Among my disparate friends I have some trouble defining my “god-belief” in such a way that doesn’t alienate them. I like almost everyone I meet, and it takes quite a lot of negative feedback before I get annoyed with them; so I make an effort to be friendly always, and then kind when I know better what those particular people want and need. I have friends that I value who stretch the religious spectrum from devout God believers to strident non-believers, even god haters, and I want to give a consistent statement to all of these extremes that all will accept.
In the book Battling the Gods: Atheism in the Ancient World by Tim Whitmarsh, on page 116, there is a paragraph which covers some of those issues. It is set back in the Classic Greek times of Socrates, but strangely those people actually had defined terms for those ideas that are more subtle than are now even considered.
The invention of atheism was, both etymologically and historically, the creation of a negative. The Greek word atheos, which first appears in the fifth century BC, implies the absence (a-) of a god (theos). The older meaning implies someone who has lost the support of the gods, someone who is “godless” or “godforsaken” in the archaic English senses. It was often used in a kind of hyperbolic crescendo along with other negative adjectives, in phrases such as “atheos, unruly (anomos), and lawless (adikos). This kind of phrasing suggests wild, barbaric behavior that is the very antithesis of proper, civilized Greek behavior (think of Homer’s Cyclopes: “arrogant, lawless [athemiston] men, who place no trust in the god, and neither sow nor reap vegetation”). Within the lifetime of the classical Athenian democracy, however, it came to acquire a second meaning, referring to someone whose beliefs or practices suggest a lack of commitment to belief in the gods.”I certainly do believe in the gods—I am not an out-and-out atheos,” said Socrates at his trial in 399 BC (according to Plato). From the 430s onward we hear of atheos being used as a surname or nickname attached to various individuals. The pre-Socratic Hippo of Samos, active in Athens in the mid-430s, was said to be “surnamed the atheos“; so were Diagoras of Melos (mid-420s onward) and Theodorus of Cyrene (late fourth century). In other words, if you said “Hippo the atheist,” everyone knew who you meant. A more powerful insult than atheos was asebēs, “impious.” It was potent because it was legally actionable.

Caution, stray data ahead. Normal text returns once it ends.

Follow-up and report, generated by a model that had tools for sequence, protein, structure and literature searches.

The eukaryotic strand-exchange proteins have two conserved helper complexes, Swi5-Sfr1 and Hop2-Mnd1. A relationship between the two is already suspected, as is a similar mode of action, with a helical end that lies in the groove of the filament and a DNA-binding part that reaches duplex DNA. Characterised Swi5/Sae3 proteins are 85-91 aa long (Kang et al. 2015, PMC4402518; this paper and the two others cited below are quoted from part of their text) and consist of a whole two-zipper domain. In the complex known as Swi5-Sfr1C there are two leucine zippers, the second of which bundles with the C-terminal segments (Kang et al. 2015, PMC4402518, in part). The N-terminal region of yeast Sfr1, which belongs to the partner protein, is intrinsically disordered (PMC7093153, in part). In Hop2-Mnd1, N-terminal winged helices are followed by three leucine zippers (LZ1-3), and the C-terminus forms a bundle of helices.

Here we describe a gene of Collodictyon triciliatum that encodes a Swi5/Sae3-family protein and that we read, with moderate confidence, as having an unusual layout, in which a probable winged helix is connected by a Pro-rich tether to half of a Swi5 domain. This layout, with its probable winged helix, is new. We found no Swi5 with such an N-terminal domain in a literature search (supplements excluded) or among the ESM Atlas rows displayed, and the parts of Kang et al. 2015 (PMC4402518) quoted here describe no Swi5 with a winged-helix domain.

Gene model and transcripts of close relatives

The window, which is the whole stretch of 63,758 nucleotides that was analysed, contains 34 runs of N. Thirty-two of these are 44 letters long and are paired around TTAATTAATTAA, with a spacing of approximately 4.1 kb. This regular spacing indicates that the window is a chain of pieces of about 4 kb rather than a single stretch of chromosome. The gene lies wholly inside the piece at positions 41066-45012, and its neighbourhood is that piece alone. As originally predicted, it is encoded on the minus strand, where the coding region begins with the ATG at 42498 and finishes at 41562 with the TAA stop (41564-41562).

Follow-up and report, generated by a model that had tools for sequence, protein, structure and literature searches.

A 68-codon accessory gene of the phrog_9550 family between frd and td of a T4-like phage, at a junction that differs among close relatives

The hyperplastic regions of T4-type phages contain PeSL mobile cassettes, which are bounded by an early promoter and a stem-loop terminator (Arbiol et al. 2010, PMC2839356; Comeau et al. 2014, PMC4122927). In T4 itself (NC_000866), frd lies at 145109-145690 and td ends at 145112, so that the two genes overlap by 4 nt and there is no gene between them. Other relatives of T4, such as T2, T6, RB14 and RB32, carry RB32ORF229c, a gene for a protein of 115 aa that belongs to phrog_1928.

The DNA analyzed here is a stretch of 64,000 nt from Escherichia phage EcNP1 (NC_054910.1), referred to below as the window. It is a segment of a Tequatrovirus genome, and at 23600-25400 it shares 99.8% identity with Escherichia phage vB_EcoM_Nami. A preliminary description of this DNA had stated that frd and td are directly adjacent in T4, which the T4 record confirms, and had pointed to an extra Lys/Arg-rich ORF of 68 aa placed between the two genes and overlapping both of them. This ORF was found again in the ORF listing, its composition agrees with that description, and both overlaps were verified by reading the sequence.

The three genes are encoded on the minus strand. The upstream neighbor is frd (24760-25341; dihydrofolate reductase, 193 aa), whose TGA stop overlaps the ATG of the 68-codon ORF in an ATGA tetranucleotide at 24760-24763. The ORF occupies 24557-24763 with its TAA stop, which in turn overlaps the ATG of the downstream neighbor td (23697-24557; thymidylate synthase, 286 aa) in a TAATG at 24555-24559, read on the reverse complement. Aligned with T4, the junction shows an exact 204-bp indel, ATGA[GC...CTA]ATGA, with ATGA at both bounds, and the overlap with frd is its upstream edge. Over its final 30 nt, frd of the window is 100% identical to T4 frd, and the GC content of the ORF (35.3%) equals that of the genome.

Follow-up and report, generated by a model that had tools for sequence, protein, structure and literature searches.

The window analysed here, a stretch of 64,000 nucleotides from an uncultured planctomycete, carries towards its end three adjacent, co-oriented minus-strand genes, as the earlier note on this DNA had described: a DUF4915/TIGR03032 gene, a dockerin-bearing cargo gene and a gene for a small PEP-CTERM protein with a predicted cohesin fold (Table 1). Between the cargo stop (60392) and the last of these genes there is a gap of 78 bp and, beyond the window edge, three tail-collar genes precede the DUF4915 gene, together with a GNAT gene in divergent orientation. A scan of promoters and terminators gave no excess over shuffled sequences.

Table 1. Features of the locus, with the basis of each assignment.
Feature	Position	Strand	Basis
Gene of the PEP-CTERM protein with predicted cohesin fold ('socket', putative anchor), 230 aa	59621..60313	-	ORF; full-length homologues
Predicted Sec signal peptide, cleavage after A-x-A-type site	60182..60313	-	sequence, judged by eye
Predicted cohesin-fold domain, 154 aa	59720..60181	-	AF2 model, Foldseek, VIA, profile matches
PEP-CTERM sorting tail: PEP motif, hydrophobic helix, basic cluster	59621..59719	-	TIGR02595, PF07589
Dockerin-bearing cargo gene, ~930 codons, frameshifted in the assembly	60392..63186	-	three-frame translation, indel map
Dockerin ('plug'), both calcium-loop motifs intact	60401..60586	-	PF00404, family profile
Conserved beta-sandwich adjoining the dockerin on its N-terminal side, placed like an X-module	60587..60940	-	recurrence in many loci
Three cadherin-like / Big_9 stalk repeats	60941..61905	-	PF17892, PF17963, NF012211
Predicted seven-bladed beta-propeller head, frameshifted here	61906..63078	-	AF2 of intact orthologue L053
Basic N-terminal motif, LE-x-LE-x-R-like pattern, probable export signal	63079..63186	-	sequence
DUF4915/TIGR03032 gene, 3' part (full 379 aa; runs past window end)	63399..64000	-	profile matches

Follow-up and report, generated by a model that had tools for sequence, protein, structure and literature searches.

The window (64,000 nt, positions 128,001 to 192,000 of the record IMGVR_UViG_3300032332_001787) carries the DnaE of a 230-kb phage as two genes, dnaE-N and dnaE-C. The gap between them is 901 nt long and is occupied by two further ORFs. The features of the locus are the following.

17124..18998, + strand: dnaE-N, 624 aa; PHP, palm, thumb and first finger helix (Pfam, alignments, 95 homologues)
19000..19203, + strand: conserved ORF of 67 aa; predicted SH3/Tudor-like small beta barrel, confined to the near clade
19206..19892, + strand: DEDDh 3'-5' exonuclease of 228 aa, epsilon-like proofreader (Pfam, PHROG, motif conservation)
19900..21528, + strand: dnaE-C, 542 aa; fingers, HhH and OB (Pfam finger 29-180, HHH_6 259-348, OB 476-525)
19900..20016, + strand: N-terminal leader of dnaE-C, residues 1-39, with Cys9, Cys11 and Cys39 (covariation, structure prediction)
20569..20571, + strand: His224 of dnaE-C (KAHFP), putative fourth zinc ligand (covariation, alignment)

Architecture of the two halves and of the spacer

For a long time now I have been using the word “apatheist” to describe my “god-belief”, and I immediately define it to mean, “I believe everyone has the right, actually the responsibility, to answer the transcendent questions themselves; and because their answers are so personal it isn’t important to other people what conclusions they have come to about these unprovable subjects.” Therefore, as an apatheist it is important to keep my religious beliefs private, and not bother anyone else about them. I respect other people to hold their opinions too, and they need not defend those beliefs to me. Also, because the most profound questions are ultimately unanswerable it doesn’t make any sense to me for them to try to convert me to their particular belief.
If I have anything that could be called a religion it is to pull back the veil so others can see what they previously did not see.